Why Sites Must Own the eISF

Tell me if this sounds familiar: a sponsor needs remote access to their sites, so they buy electronic Investigator Site Files (eISFs) and distribute them to their sites. Now the sponsor has access, and the sites have new platforms to hopefully speed up their work. 

However, some eISFs give sponsors unlimited access to sites’ documents and data. This can cause problems, because ICH Good Clinical Practice (GCP) standards state that the investigator and site must maintain control of all essential site documents. 

In other words, a site must own roles and permissions for their eISF and decide which documents and data monitors can see. Otherwise, the site and sponsor will end up violating GCP. 

So what’s the solution? Sponsors and sites need to choose the right kind of eISF: an eISF that gives sites control over who views their documents and data. A site-owned eISF will still give sponsors remote access, but it will also follow ICH GCP guidelines. 

The information presented here is for informational purposes only and is not for implementation in operations. Please consult official documents for operational use.

How Sponsors Can Choose the Right eISF for Their Sites

The FDA uses ICH E6(R2) guidelines to describe how sites and sponsors should handle source documents and trial records. 

Sec 8.1 of the ICH E6(R2) document states: “The investigator/institution should have control of all essential documents and records generated by the investigator/institution before, during, and after the trial.”

This means that the Principal Investigator (PI) and the site they work for must control all of the documents in the electronic Investigator Site File. But sponsors can still help sites with their eISFs. They just have to choose eISFs that are site-controlled.

What does this mean? 

  • Sites must determine which documents and data sponsors can access in the eISF.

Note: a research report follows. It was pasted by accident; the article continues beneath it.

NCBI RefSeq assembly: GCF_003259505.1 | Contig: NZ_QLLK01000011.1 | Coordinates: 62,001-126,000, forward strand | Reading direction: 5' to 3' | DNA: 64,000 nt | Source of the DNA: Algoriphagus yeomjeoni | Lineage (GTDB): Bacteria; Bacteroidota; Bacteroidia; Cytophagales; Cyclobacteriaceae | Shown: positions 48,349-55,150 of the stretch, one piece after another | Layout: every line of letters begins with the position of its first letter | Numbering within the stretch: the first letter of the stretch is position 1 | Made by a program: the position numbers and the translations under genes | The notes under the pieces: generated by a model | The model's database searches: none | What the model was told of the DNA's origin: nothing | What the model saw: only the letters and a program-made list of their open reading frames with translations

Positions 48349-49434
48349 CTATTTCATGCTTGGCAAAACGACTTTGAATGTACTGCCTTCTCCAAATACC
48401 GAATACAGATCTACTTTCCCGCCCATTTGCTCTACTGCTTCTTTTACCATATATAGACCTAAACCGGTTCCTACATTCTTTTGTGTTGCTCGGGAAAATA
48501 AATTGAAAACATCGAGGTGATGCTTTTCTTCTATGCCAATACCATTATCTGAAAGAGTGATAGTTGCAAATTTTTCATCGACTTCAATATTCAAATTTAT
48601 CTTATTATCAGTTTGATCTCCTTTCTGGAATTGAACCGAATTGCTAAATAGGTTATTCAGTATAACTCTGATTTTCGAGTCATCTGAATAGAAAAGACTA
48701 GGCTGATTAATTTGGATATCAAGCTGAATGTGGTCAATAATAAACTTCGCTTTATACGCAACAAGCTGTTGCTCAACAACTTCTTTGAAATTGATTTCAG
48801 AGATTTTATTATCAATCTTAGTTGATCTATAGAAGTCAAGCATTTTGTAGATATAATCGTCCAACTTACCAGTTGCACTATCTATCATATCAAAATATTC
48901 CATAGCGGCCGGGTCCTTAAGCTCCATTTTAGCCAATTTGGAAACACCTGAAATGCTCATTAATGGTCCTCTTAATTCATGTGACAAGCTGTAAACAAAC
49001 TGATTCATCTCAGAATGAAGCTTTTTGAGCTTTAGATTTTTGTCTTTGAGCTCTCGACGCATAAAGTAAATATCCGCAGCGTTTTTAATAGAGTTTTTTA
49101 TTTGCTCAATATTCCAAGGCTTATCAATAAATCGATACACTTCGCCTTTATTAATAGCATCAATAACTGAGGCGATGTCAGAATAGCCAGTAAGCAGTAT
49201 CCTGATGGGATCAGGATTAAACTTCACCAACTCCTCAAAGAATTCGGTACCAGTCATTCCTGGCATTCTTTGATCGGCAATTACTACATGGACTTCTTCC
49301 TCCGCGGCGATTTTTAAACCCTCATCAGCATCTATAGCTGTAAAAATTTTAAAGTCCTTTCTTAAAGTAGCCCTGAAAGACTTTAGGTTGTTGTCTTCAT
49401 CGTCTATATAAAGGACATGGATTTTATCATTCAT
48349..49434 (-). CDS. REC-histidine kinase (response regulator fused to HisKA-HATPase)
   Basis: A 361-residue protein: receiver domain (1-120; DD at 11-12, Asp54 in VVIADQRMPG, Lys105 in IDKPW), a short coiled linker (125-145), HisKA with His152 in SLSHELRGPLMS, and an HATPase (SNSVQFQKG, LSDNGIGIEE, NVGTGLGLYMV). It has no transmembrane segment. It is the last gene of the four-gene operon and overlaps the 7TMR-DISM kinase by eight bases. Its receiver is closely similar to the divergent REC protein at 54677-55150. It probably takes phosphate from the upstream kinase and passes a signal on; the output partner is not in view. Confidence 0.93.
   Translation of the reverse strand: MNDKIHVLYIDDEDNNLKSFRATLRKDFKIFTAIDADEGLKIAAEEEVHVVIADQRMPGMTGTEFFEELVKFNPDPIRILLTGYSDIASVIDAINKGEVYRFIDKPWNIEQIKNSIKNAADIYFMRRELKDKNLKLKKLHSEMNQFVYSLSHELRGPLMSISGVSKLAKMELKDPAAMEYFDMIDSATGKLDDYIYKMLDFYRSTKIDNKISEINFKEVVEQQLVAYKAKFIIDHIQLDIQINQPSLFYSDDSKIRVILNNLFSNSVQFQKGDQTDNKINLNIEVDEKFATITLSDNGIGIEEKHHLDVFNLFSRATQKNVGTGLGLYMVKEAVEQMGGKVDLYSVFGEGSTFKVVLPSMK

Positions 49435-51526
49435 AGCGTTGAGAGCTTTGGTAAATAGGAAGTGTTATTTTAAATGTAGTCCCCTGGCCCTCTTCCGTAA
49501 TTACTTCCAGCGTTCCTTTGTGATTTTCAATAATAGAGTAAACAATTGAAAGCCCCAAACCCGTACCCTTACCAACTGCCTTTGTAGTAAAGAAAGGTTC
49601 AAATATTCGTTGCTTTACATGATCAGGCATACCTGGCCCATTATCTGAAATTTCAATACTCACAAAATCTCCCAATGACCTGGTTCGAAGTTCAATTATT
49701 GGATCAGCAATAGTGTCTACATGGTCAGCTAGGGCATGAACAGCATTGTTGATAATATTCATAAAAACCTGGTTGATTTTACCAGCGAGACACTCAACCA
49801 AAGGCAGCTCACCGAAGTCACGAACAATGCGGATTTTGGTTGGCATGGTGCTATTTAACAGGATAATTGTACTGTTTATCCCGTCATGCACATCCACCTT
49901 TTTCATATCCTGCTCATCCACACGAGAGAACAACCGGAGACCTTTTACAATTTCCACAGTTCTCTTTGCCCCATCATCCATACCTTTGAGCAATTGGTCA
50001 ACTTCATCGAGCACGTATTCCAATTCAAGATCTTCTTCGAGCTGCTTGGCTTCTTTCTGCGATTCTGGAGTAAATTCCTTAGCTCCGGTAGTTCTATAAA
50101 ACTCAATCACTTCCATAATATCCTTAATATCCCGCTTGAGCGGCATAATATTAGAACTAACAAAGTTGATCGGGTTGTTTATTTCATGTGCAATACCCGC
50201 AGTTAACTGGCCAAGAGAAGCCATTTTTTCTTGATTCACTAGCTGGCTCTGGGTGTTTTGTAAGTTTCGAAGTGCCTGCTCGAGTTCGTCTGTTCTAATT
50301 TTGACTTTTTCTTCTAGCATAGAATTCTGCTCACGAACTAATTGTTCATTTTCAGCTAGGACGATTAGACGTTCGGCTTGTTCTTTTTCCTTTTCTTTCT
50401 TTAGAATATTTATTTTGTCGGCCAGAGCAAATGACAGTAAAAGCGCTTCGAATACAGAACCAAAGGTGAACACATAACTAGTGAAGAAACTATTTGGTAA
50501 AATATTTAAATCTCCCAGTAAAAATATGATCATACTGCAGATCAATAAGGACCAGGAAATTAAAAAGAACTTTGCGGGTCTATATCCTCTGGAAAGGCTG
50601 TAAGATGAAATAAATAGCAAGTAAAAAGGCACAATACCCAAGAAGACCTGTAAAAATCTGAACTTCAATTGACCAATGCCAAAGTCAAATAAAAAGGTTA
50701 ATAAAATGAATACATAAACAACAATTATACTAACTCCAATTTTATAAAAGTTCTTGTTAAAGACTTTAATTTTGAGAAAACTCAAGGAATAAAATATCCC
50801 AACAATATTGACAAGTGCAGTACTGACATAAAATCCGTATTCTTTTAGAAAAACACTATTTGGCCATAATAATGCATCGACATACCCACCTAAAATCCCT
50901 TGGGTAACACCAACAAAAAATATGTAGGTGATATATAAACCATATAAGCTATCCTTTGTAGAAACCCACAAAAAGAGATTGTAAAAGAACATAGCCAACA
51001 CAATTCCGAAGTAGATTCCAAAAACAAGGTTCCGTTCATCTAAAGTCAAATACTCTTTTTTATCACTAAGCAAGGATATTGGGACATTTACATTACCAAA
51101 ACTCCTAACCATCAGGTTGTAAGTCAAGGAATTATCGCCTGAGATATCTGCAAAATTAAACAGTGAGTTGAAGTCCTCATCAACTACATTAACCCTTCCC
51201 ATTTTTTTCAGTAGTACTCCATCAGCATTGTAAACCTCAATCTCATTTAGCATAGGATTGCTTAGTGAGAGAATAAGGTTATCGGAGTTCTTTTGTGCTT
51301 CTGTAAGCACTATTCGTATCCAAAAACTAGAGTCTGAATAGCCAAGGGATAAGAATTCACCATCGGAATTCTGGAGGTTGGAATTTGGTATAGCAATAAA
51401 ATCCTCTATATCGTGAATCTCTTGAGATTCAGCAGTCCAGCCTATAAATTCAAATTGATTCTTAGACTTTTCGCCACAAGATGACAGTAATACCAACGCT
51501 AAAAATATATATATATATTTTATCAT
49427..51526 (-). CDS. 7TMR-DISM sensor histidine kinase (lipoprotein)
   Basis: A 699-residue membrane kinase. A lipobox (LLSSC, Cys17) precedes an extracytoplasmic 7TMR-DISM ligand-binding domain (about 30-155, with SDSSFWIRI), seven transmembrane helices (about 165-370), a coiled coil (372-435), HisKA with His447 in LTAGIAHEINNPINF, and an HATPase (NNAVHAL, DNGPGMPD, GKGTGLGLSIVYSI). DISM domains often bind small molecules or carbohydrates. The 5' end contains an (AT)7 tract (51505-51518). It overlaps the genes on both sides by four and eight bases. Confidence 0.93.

• Sponsors must never take data from the eISF without sites’ permission. 

When searching for an eISF system, sponsors should ask the software vendor to work directly with sites to set up their eISFs. The site should have complete control over roles, permissions, and which documents their monitors can see. 

In the past, sponsors have sometimes used non-compliant software that gave them too much access to sites’ data. This practice doesn’t just violate GCP guidelines–it can also damage the trust between sites, sponsors, and software vendors. 

Giving sites control of the eISF, even when sponsors are the one buying it, helps to build strong relationships and to ensure all teams follow GCP guidelines. Sites can then give their sponsors permission to access the eISF so sponsors can build reports and engage in remote monitoring

How Sites Can Ensure Their eISF Meets GCP Regulations

Under GCP regulations, investigators and site teams are responsible for the contents of the eISF. The regulations require the investigator to “maintain adequate and accurate source documents and trial records” (Sec 4.9.0.) that follow ALCOA-C guidelines.  

Fortunately, eISFs can help investigators maintain attributable, legible, contemporaneous, original, accurate, and complete documents just as well–or better–than paper electronic Investigator Site Files. But the site must ensure the eISF is a true eISF with features like Part 11-compliant eSignatures, certified copies, and version control, not just a document portal or online drive. 

The investigator must also maintain all of the essential trial documents for as long as regulatory agencies require, and they must ensure that they can track what documents were changed, when, and by who (Sec 4.9.0). 

Therefore, before accepting an eISF, sites must ask

  • Does this eISF give me all of the features I need to follow ALCOA-C guidelines, like certified copies and Part 11-compliant eSignatures? 
  • Does this eISF have long-term storage or archiving? 
  • Does this eISF offer audit trials and version controls so I can see who has made changes and when? 

Sites also need to ask questions about access, ownership, and control. Even if the sponsor pays for the software, the site still needs to own it. 

Site teams should ask their sponsor: 

  • Do we have control over all our essential documents created before, during, and after the trial? 
  • Can we control your access to the system? 

If the site controls the system and can grant access and permissions to the sponsor, they have both chosen a compliant eISF. 

The Future of Sponsor-Purchased, Site-Owned eISFs

When sponsors buy electronic Investigator Site Files for their sites, they gain the ability to monitor sites and check on their documents and data remotely. Meanwhile, sites benefit from an efficient, compliant platform where they can store their documents and data. 

However, this system only works if sites still own the eISF. Sponsors owning the eISF violates ICH GCP guidelines and increases the risk of sponsors using data without site permission. Sites must have control over the roles and permissions of their eISF and decide which documents and data their sponsor can access. 

Want to learn more about site-controlled, compliant eISFs? Check out our Complete Guide to the eISF + Remote Site Access, available for free to all clinical trial professionals.